The answer lies in tax reimbursement. Special legislation has been passed in Iceland that aims “to enhance domestic culture and promote the history and nature of Iceland” by temporarily supporting movies and TV programs produced in Iceland. In other words, the producers of Flags of our Fathers can apply for reimbursements from the Icelandic State Treasury of 12% of the costs incurred in the production of film. The part of the movie filmed here costs an estimated two billion ISK, so the reimbursement (or basically discount) Eastwood and his team are looking at rests somewhere around an impressive 240 million ISK.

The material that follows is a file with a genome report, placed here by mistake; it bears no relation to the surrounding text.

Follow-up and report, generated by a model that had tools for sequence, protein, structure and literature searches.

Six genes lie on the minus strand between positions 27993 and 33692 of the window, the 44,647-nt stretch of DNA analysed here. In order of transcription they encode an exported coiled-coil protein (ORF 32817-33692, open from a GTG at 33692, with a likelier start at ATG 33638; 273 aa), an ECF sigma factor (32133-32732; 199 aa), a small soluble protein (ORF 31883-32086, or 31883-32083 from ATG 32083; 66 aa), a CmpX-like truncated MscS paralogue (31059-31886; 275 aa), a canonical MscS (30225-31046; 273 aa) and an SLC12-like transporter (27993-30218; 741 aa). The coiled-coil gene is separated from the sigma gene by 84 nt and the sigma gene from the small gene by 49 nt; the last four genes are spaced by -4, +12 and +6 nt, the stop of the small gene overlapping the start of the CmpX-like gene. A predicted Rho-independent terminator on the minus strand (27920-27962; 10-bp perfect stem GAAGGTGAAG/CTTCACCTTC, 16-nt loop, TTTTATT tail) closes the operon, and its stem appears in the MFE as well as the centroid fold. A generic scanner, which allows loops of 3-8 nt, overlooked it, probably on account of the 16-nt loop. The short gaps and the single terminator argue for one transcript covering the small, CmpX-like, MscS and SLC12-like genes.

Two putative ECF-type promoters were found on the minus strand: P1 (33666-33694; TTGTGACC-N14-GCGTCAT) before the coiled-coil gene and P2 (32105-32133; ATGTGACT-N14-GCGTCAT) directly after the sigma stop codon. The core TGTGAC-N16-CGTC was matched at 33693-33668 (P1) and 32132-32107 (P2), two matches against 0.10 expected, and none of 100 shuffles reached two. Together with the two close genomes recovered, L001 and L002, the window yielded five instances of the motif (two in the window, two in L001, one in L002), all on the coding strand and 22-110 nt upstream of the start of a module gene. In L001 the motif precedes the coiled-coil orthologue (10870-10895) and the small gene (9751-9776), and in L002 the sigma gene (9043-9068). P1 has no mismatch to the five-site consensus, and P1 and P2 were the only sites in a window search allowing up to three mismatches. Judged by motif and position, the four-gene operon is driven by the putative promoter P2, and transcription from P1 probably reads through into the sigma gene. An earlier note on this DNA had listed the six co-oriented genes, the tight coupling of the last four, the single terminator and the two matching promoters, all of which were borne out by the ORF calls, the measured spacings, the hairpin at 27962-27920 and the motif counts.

But what’s in it for us? The hundreds of locals employed as extras in Flags of our Fathers are as good as volunteering to participate. Sandvík and Krýsuvík will be blown up by 700 kgs of Hollywood explosives. The vegetation will be burnt down in order to create a war zone. At a glance, it seems both our people and our country are being abused to film a movie that has absolutely nothing to do with our local history. On the other hand, shooting a major Hollywood movie in Iceland brings substantial revenue to our economy. In order to be eligible to apply for the tax reimbursement, foreign producers need to establish a company in Iceland for the production. This ensures that part of the money flow will be filtered through our economic system. The crew will have to eat and sleep while they’re here, creating work for catering companies and hotels. Last but not least, Iceland gets major media attention. Yes, the tourist promotion received for making an Icelandic beach look like the bloody sands of Iwo Jima should no doubt be priceless.